Caught in time’s glimpse A captured snapshot Framed by Nature’s eye Its green circumference Centring on river bank seclusion Concentrating vision in The artist’s eye Releasing both skill and passion Into a waiting world Where Few will notice Many will ignore Hardly any will imbibe Maybe one will benefit Whilst the artist’s tears Spill into his next vision
William Holman Hunt – The hireling Shepherd (detail) 1851 (Manchester Art Gallery, UK
The Salley Gardens
Down by the salley gardens my love and I did meet; She passed the salley gardens with little snow-white feet. She bid me take love easy, as the leaves grow on the tree; But I, being young and foolish, with her would not agree.
In a field by the river my love and I did stand, And on my leaning shoulder she laid her snow-white hand. She bid me take life easy, as the grass grows on the weirs; But I was young and foolish, and now am full of tears.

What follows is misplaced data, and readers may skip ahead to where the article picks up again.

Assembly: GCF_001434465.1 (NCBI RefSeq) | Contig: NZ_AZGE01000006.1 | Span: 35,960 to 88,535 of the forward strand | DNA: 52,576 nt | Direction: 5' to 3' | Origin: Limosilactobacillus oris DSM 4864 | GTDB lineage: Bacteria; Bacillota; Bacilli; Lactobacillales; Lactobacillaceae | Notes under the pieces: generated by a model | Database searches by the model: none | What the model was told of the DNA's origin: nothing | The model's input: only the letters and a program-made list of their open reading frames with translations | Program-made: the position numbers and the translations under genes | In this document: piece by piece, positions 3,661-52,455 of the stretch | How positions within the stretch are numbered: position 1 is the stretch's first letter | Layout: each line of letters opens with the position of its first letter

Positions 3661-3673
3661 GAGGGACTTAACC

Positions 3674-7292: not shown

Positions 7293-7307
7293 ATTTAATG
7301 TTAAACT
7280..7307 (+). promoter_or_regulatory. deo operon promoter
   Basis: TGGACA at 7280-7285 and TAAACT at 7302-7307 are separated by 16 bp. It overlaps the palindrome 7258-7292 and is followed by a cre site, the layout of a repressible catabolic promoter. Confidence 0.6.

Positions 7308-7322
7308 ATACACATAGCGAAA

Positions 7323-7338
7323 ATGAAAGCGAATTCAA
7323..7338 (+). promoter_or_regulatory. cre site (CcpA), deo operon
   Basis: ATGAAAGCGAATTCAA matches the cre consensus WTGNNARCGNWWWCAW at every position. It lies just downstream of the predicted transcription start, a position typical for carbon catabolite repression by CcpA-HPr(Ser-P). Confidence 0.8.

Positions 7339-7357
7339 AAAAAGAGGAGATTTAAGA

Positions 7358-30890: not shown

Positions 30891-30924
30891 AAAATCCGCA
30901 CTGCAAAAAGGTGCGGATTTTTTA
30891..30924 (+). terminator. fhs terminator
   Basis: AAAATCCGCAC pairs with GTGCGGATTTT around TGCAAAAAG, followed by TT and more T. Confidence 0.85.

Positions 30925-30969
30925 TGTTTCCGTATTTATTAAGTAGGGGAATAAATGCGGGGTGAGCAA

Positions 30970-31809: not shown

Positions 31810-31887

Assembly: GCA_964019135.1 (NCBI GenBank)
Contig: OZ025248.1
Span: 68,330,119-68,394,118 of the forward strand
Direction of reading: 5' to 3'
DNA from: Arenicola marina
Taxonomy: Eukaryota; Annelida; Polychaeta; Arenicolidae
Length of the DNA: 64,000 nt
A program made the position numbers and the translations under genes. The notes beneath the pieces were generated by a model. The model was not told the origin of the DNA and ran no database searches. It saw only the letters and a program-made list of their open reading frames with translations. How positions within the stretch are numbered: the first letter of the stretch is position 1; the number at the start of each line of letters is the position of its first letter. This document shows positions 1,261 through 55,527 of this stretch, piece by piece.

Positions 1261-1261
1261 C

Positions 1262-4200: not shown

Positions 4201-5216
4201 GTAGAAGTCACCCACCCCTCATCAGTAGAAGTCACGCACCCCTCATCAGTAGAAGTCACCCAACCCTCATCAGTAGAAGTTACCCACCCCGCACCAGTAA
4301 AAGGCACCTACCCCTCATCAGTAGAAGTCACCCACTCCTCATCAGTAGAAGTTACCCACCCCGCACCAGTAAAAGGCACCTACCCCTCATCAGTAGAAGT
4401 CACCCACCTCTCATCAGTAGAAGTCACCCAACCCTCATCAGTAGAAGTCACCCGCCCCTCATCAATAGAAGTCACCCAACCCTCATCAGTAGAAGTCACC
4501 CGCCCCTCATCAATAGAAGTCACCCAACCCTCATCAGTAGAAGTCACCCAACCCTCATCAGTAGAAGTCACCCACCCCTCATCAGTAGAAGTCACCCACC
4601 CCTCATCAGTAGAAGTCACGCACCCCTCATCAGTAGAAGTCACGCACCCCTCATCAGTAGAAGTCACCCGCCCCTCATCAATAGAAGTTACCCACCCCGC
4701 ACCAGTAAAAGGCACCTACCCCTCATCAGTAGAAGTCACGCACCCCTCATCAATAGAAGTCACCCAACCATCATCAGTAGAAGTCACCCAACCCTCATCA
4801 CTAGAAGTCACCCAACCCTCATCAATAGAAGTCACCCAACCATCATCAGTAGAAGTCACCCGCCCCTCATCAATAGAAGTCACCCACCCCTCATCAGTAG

William Butler Yeats 1865-1939
Yeats has said that his composition of this poem was “an attempt to reconstruct an old song from three lines imperfectly remembered by an old peasant woman in the village of Ballisdoare, Co.Sligo. “Salley” or “sally” is a form of the Standard English word “sallow”, i.e., a tree of the genus Salix. It is close in sound to the Irish word saileach, meaning willow. Click on the link below to hear a sung version of Yeats’ poem by Maura O’Connell with Karen Matheson …
The LANTURNE is a traditional poetic form which has a five-line verse, normally without rhyme, supposedly in the shape of a Japanese lantern. It has a syllabic pattern of one, two, three, four, one.
Below ,I have composed six loosely connected verses in this form . . .
Raise your voice make it ring don’t let it die sing
Vows last long when new but promises soon die
Love yields hope but time tells and soon it dies hurt
Life brings joy But sorrow Intrudes too soon … Damn!